Lest you start thinking that Bean was totally corrupt, I will add that the $40 didn’t end up in his pocket; it went towards burying the dearly departed railroad worker.
Let’s not forget the time Roy Bean almost caused the stock market to collapse.
The Judge learned from a telegraph operator that Jay Gould was passing through on a special train headed east.
And Jay Gould was one of the wealthiest men alive during this time. A robber baron of the gilded age and who’s widely regarded - then and now - as not exactly being the nicest person to ever walk the earth. Just the kinda guy that Roy Bean wanted to meet!
The judge flagged the train down with a bandana, doffed his sombrero and introduced himself to Gould as the law west of the Pecos, inviting the railroad tycoon to his saloon for a drink.
An invitation that Gould accepted.
When the special train didn’t show up at its destination at the predetermined time all hell broke loose. Gould was reported as being killed in a train wreck and the stock market went wild.
All because Judge Roy bean wanted to buy the man a drink.
But there in Langtry life just sort of went on as normal. I feel like it’s important to point out that the Judge didn’t spend all of his time punishing law breakers. Part of his job title as justice of the peace was joining couples together in holy matrimony.
After officiating weddings Roy always concluded the ceremony with the phrase “And may God have mercy on your souls.”
Judge Bean wasn’t legally allowed to grant divorces, but this was a rule that he utterly and completely ignored. At least when it came to couples whose marriages that he had officiated. According to him, granting a divorce was just his way of rectifying the mistake he made by joining the couple together in the first place.
I briefly touched on the Judge’s penchant for charity earlier.
In the 1960’s author Jack Skiles interviewed a longtime Langtry Texas citizen named Beula Farley, who actually knew Bean back in the old days. She had this to say about the Judge’s character:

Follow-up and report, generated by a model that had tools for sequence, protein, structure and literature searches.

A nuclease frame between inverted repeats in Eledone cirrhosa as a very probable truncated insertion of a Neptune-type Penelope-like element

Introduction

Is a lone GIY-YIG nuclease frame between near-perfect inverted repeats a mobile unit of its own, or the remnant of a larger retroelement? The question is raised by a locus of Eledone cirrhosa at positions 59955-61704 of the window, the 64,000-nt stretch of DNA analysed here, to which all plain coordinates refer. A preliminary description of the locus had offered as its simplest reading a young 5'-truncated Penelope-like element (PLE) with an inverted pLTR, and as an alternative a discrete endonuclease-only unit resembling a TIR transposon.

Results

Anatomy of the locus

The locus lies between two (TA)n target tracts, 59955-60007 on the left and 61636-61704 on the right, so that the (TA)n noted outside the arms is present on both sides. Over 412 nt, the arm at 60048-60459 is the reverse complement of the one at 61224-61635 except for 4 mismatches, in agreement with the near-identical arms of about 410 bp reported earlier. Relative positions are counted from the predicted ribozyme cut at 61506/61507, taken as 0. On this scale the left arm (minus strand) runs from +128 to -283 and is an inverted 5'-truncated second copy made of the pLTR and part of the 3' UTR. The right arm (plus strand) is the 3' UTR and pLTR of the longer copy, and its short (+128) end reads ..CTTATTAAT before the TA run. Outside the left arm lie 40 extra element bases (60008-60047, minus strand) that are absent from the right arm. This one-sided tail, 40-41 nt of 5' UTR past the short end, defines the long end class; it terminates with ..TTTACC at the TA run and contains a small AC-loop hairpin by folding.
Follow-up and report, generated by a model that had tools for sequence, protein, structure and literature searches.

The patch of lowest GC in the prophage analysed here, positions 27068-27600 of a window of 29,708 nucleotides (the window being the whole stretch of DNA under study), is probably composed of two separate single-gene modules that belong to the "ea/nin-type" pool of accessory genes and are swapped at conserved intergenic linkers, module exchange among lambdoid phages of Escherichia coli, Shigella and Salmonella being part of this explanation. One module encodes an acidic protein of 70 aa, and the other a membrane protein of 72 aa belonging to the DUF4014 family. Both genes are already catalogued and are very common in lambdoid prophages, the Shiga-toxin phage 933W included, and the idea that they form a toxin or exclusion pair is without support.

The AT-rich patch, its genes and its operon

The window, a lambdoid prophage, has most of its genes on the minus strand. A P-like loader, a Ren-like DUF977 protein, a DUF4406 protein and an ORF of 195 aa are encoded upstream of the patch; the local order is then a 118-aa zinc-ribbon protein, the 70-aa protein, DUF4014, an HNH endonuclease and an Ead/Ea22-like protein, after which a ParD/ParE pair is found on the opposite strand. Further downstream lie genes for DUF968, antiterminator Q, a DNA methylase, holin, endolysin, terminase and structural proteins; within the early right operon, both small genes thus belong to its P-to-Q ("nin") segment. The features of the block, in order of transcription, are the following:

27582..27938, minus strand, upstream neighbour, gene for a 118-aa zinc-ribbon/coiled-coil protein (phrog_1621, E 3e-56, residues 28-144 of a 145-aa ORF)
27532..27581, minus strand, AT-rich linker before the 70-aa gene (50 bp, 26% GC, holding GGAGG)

“Roy Bean was a smart ol’ booger. He had his faults, but listen, he was a good man at heart. He might have been a murderer and a robber, and a thief, but he was good in his way. He was the best-hearted old fellow you ever saw. He would do anything for anybody.”
Believe it or not, the Judge he was known in Langtry as being kind and generous to widows and needy children, as well as using the fines he collected in court to buy medicine for the sick. Even back in San Antonio when he stole cattle, he was said to have distributed the meat to the impoverished of Beantown. He was quoted as saying “No use for poor people to starve while rich people have fat cows running on Beantown pastures”.
This was partially due to having a soft spot, I mean I guess even some of the hardest of hardcases have soft spots. But he also might have suffered from a guilty conscious, as well as a belief in the afterlife.
Once, when Bean was asked why he helped so many people, he said “Well, I ain’t been an angel myself and there might be a lot charged on me come judgement day. I figure what good I can do – the Lord will give me credit when the time comes.”
By the way - since we’re talking about Bean’s good qualities - I’d like to point out that, unlike a lot of old west guys, I didn’t find anything that even hinted that Roy Bean ran women out of his saloons.
Zero mentions of prostitution going on at the Jersey Lilly.
This struck me as is ironic, seeing as how Judge Bean isn’t exactly known as a paradigm of righteousness. Unlike Wyatt Earp who actually was arrested for pimping out women.
But that’s none of my business.
Over time Judge Bean began to make a name for himself and the Jersey Lilly became a popular stopping off point for easterners wanting to see the old man. Not only could they have a drink or play a quick game of 9 ball on the pool table I previously mentioned, but they could also pay a visit to the zoo that the Judge kept out back.